Consumer spending rose just 0.1 percent in August after rising 0.3 percent in July, the Commerce Department said. MarketWatch said the slowdown was largely attributable to weaker sales of new cars and trucks.

Hurricane Harvey was believed to have adversely affected the new-vehicle market. Economy watchers will find out how car and truck sales fared in September when the data are released today.

Personal income rose 0.2 percent in August, and inflation remained weak. The Personal Consumption Expenditures Price Index, the inflation gauge the Federal Reserve prefers to use, rose just 0.1 percent. It excludes volatile food and energy prices.

“We think current economic conditions are heavily impacted by the effect of the recent hurricanes,” Chris Rupkey, chief economist at MUFG in New York, told Reuters. “The Fed will rightly look over any soft patch for economic growth in the third quarter.”

The economy expanded during the second quarter at a pace faster than was earlier estimated, but the hurricanes are expected to curb third-quarter growth.

The nation’s gross domestic product increased at a 3.1 percent annual rate in the April-June period, the Commerce Department said. The pace was the fastest since the first quarter of 2015, and it followed a 1.2 percent rate during the January-March period.

“The destruction caused by hurricanes Harvey and Irma and the resulting disruption ... are expected to be a drag on third-quarter growth,” Jim Baird, chief investment officer at Plante Moran Financial Advisors in Kalamazoo, Mich., told Reuters. “Nonetheless, the economy remains on track.”

Reuters also said economists estimate that Harvey and Irma could cut as much as six-tenths of a percentage point from third-quarter GDP growth.

Bloomberg said a strengthening trend in equipment spending bodes well for continued increases in business investment during the second half of the year. And Reuters said rebuilding after the storms is expected to boost GDP growth in the fourth quarter and in early 2018.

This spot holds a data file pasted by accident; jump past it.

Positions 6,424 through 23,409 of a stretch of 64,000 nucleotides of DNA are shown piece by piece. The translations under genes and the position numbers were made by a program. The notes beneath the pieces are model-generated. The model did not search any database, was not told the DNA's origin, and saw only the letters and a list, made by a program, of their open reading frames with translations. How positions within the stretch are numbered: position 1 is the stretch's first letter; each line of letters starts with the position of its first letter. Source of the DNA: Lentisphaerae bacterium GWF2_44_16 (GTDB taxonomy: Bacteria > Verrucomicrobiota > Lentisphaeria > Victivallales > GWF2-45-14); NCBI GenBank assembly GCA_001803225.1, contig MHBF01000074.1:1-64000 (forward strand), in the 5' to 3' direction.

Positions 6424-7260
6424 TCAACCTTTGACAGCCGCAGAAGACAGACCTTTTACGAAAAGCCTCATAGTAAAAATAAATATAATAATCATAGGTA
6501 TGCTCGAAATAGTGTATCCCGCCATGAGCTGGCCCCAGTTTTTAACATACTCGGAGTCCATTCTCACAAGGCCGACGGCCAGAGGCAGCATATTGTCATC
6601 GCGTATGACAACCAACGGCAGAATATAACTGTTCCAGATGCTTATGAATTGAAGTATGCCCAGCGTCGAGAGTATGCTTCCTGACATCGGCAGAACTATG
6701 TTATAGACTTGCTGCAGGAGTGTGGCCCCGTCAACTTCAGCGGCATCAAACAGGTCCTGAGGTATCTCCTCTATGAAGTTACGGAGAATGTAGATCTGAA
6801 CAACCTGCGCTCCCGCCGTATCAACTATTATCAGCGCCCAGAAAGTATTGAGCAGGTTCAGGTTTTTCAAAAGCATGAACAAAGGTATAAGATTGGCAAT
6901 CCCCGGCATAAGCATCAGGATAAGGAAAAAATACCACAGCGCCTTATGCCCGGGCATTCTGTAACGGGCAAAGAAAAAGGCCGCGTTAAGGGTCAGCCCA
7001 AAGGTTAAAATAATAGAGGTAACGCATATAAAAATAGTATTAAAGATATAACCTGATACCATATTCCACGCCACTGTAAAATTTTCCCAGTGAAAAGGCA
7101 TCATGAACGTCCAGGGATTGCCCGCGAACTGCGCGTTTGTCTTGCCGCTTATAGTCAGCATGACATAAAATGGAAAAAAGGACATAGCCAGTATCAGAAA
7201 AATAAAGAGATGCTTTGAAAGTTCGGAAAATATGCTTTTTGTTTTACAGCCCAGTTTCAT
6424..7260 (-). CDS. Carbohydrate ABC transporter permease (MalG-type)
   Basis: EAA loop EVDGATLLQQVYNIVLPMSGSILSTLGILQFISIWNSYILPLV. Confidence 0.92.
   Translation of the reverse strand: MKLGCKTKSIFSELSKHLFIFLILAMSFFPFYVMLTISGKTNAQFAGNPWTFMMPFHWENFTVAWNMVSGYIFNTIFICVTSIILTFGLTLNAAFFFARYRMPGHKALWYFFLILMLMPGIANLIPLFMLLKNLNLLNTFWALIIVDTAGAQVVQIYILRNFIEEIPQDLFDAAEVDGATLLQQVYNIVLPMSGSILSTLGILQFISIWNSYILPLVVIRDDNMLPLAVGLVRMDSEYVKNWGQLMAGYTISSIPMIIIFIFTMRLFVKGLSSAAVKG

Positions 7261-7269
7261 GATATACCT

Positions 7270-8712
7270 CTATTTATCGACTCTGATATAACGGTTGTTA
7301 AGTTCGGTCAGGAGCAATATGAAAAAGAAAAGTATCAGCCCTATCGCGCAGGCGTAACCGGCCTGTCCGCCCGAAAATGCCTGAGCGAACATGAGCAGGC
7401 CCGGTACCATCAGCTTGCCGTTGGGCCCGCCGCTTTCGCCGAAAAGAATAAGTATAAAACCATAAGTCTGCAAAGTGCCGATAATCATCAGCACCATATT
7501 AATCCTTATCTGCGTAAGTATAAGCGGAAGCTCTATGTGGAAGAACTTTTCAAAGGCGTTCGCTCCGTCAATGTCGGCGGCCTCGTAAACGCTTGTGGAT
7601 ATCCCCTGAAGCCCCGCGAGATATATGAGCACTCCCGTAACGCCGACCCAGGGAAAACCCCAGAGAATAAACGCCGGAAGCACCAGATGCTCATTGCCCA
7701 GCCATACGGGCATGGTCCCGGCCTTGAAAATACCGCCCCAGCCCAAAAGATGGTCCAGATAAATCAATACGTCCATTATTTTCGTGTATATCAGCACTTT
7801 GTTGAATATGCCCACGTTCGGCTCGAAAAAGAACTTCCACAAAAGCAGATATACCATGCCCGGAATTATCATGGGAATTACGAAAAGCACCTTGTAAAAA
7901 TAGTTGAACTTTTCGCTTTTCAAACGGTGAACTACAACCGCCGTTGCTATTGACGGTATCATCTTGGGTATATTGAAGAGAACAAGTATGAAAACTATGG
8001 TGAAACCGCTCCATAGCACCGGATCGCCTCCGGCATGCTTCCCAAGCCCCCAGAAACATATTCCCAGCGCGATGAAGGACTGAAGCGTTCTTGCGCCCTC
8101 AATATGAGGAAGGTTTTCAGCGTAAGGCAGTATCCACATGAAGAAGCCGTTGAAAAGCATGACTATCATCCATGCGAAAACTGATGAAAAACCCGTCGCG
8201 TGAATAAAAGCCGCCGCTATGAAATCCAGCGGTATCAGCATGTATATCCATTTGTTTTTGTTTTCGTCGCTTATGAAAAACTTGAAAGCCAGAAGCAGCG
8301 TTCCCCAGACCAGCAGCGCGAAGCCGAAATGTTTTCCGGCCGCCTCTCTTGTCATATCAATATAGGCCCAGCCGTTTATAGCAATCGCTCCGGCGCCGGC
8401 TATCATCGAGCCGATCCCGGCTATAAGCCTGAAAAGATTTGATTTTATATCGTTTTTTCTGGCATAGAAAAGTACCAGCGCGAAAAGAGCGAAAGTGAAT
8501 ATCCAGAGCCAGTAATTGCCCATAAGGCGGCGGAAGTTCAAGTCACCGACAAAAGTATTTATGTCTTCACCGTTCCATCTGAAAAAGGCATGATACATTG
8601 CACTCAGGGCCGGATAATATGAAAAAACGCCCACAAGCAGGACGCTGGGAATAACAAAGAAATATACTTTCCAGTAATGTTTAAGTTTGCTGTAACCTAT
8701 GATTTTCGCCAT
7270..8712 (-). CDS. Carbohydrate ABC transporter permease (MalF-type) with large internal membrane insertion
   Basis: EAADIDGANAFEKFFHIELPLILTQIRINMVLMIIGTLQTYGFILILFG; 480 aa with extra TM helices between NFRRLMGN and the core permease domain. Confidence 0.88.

Sales of new homes slowed in August to the weakest pace since last December. The Commerce Department said sales fell 3.4 percent, to a seasonally adjusted annual rate of 560,000 units, from July, and the rate was 1.2 percent lower than in August of last year.

Reuters said the Commerce Department suggested that Harvey and Irma probably affected August sales, but the news service also said the housing market was softening before the hurricanes struck. The problems include a shortage of homes available for sale, skilled labor and suitable land for building.

“The U.S. housing market entered a strange kind of twilight zone over the summer in which home prices kept rising steadily, but actual home sales activity largely leveled off at fairly underwhelming levels,” Svenja Gudell, chief economist at Zillow, told Reuters.

Topping the economic news this week is the September jobs report, which will be issued Friday. Kiplinger said that as the labor market continues to tighten, employers are likely to find it more difficult to attract the candidates they want.

Kiplinger said job gains probably will total about 175,000 in the months ahead.